Because I promised a second installment of this series, I guess I’ll write down my thoughts on racing before collegiate nationals fades too far into the past.

Last week was difficult for me — not only was I recovering from the physical and mental exhaustion of nationals, but I was also weighing the decision to accept an invitation to the North Star Collegiate All Star Team. Because I finished as the top ranked amateur woman in DI at nationals, I was offered a spot on this team that would fully support me during June’s North Star Grand Prix (previously Nature Valley Grand Prix) in Minnesota. Nature Valley / North Star has been a race I’ve long wanted to attend. It’s a sprinter’s stage race, with technical crits and a killer last stage featuring a very steep hill.

So I was surprised by my lack of enthusiasm when I got the invite. In fact, I woke up every morning last week with a pit in my gut. The first thing that popped into my head as my alarm went off was, “Oh god. I really should accept that invite, but I really don’t want to.” I was just so. damn. tired. And I was tired of putting my research on the backburner. As a PhD student, no one is filling in for you when you’re on the road.

I want to be clear about my desire to concentrate on work this summer — it’s not that I feel compelled out of a sense of guilt to spend long hours in the lab (although there is some of that). But more importantly, I love my work in the lab and I’ve been feeling like there’s something missing in the past few weeks as my project’s been on hold while I traveled to Nationals and then recovered from that weekend while prepping for the Amgen Tour of California.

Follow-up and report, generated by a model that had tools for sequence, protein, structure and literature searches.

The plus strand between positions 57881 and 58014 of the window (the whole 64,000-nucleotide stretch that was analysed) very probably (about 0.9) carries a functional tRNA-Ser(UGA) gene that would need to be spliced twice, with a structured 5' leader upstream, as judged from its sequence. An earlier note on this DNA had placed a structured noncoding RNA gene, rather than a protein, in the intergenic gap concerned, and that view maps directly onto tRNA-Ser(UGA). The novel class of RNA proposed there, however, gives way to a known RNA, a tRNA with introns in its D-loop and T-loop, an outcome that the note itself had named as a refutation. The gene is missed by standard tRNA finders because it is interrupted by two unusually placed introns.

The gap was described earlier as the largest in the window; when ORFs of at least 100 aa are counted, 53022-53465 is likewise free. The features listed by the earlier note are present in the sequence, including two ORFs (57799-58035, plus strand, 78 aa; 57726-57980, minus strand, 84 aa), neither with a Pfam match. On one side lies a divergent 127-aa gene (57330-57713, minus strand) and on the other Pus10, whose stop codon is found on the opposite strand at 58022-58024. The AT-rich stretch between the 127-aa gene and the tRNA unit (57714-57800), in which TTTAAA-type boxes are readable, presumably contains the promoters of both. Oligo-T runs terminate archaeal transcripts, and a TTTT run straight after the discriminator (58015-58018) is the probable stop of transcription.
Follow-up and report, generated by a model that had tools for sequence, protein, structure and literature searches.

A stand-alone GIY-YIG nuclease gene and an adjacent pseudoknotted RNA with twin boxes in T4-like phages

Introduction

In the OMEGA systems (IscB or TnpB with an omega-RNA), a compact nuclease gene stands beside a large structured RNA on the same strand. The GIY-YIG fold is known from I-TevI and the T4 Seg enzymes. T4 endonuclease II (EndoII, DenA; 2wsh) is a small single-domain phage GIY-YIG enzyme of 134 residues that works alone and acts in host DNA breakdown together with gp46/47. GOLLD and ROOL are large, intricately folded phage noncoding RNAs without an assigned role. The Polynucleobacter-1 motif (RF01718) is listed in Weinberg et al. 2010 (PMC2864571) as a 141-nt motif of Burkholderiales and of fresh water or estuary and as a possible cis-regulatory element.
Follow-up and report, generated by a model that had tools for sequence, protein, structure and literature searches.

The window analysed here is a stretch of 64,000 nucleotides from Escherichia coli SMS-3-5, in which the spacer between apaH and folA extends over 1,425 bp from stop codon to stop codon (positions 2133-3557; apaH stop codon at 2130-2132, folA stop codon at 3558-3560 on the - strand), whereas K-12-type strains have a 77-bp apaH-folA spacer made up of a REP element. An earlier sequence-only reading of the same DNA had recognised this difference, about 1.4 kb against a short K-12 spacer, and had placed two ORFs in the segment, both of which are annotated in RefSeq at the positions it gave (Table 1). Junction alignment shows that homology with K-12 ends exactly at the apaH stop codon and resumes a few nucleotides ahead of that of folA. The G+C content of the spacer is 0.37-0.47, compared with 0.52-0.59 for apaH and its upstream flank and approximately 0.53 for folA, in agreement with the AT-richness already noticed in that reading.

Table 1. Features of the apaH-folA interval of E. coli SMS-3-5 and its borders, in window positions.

This past week — in which the Amgen Tour of California launched a women’s circuit and Davis hosted a showing of Half the Road — has been filled with talk of how females balance their racing and their professional careers. I can’t add any more insight to that matter as a whole, but I can write about my own personal experience. If I’d been given the chance to make it as a pro 5 years ago, I would have said yes without hesitation. But now that I’m 27, I feel the need to build a career. This is the time in people’s lives during which they build professional reputations. I’m not ready to throw that out the window for cycling, as tempting as that might be. I feel like I’m standing on a precipice — if I take a leap, I will reach my maximum potential as a cylist. But I’m just not sure that jumping over the edge would help me reach my maximum potential as a human being.